Ellis touches on something in her statement that is endemic to the way that The Lord of the Rings was published. The Lord of the Rings was written in six volumes that were meant to be published as one book, but due to the size of the work and a particularly shrewd publisher, it ended up as the trilogy that we have today. The Lord of the Rings, in any form, is an epic. It’s big (481103 words and 11:23:59 for the extended films), it is cumulative not only of all the fantasy that came before and after, but also of all of Tolkien’s research into linguistics, folklore, and mythology, and it deals with the big question of “What is the nature of power and how does it corrupt?” (there can be arguments for other big questions). While the concept of “Epic Film” can and has been applied to any big-budget, elaborately produced film, using the genre of Epic in the medium of film is a bit more specific.
So a long long time ago, they hadn’t quite yet figured out what to do with this whole “film” thing, and TV hadn’t been invented yet, so there were these low-budget, Sci-Fi serials that they would show at matinees, that would be paired with newsreels, cartoons, and other short features. They were highly popular, with some of the more famous ones including The Perils of Pauline, Flash Gordon, and Dick Tracy. Serials would often end on outrageous cliffhangers, with the hero sometimes literally hanging from a cliff. And that’s, incidentally, why they’re called cliffhangers. (Between the Lions, anyone?)
These serials were cheesy, not always particularly well acted, didn’t have the best special effects, and eventually, yes, were killed by the invention of TV. And while fondly remembered, they weren’t exactly blockbusters.
At least, not until 1977.
Episode IV was a stand alone film, but subsequent films were definitely serialized, and Lucas is on record that both Star Wars and Indiana Jones were based on those old serials. And given how many films are around nowadays because of Star Wars, all of those films can also claim these serials as part of their history.
Serialization has its artistic roots, of course. Le Mort D’Arthur is pretty serialized, Charles Dickens published his books chapter by chapter in magazines, and there were the ubiquitous penny dreadfuls, but the most classic example of serialized story is within a story itself– Scheherazade was a woman brought to the king, who was going to sleep with her and behead her in the morning. She started telling him a story and he was so enraptured that he couldn’t do anything else, but she stopped in the middle. This continued for 1,001 nights, and if that number sounds familiar, it’s because the story of Scheherazade is the framing device for One Thousand and One Nights which also gives us the classic stories of Aladdin, Ali Baba and the Forty Thieves, and Sinbad the Sailor. Scheherazade, of course, is not beheaded and becomes the queen.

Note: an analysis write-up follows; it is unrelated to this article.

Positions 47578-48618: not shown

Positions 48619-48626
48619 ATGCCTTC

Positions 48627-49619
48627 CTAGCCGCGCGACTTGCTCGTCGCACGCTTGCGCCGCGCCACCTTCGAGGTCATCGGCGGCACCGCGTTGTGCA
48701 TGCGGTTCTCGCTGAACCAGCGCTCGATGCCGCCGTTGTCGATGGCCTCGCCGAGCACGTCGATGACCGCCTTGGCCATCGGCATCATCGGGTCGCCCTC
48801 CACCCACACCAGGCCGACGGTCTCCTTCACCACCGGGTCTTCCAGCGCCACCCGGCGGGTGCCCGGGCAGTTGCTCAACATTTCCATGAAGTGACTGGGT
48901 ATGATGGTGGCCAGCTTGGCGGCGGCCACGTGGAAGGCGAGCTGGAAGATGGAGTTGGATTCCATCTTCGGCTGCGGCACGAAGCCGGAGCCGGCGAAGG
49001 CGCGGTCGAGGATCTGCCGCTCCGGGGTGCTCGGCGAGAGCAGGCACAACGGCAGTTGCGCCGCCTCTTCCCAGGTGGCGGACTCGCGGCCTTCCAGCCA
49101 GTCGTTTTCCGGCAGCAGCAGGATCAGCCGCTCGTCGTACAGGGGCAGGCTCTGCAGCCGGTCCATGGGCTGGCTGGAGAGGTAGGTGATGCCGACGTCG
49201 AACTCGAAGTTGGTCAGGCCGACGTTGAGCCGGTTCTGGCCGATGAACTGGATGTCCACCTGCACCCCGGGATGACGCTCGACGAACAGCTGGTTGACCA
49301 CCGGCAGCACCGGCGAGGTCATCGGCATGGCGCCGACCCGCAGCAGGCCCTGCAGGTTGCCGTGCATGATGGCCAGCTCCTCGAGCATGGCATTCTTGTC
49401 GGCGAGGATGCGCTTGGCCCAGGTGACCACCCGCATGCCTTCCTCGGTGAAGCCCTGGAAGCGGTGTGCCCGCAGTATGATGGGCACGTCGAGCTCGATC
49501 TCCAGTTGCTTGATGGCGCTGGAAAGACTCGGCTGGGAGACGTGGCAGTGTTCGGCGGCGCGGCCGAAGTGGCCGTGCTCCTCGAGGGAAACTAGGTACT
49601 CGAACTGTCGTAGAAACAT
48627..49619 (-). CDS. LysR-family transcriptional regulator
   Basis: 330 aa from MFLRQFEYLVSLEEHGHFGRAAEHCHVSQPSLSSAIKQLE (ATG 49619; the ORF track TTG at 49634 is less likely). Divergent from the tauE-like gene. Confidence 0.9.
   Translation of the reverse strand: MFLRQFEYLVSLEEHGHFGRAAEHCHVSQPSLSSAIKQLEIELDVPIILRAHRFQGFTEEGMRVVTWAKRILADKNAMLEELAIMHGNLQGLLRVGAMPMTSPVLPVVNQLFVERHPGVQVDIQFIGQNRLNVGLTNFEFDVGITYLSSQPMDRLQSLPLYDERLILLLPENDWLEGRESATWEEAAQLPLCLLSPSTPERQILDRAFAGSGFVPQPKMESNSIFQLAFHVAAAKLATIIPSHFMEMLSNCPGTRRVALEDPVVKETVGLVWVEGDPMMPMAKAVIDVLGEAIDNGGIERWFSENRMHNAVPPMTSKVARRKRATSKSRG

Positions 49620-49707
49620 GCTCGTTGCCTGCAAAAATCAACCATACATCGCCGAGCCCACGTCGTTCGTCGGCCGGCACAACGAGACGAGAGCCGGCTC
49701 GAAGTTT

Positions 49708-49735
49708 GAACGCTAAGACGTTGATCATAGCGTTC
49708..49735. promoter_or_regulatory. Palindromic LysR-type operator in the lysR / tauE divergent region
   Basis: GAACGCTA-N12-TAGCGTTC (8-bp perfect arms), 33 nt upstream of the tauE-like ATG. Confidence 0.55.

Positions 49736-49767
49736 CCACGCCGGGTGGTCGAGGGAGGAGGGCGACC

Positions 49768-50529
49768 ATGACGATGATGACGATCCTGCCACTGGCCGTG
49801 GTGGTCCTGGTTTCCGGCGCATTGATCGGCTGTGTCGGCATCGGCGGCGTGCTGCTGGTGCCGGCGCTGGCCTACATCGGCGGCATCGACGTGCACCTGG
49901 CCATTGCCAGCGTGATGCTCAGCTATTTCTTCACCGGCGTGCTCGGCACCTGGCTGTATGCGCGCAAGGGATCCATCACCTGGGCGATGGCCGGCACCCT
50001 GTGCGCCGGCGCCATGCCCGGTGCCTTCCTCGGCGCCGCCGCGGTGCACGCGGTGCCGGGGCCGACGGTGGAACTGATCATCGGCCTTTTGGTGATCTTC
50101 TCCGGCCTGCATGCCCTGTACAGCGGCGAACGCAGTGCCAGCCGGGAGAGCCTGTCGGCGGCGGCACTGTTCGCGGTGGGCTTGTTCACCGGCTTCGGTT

Infinity War — an Epic Serial
So it’s pretty easy to see how the MCU is a modern form of the film serial. Hell, the comic book genre was heavily influenced by pulp serials like Dick Tracy and Doc Savage. The MCU has, essentially, mastered the concept of serial filmmaking on a scale that has never been seen before. It encourages you to learn more about the universe, to watch all of the films and shows so that you don’t miss any part that might be important. And they throw in incentives to seek out the original comics, that also works as Easter eggs for those who know the comics. Isn’t that right, True Believers?
So when Richard Brody argues that Infinity War is “a big-screen, two-and-a-half-hour variant on a single episode in a television series” and that “characters aren’t introduced; they just show up, and their behavior is entirely defined by the template set for them in other movies”, it’s kind of disingenuous to the genre of film that it owes a huge debt to. Of course it feels like an episode, the whole of the MCU is episodic. Of course the characters don’t have introductions, they were introduced in the other films. Infinty War is the lead up to a finale ten years in the making, and the introductions that you’re looking for are in these other films. Hell, sometimes not even then– Mark Ruffalo as the Hulk didn’t really have an introduction, but because he showed up in The Avengers, was referred to as “Bruce” and “Dr. Banner”, and there were mentions of him “avoiding stress” and connecting him to gamma radiation and mentioning a “monster” and “the other guy”, most everyone knew who he was supposed to be. Some characters are just that iconic. And then, of course, there’s that ending, which evokes the reason why people kept going back to the old serials.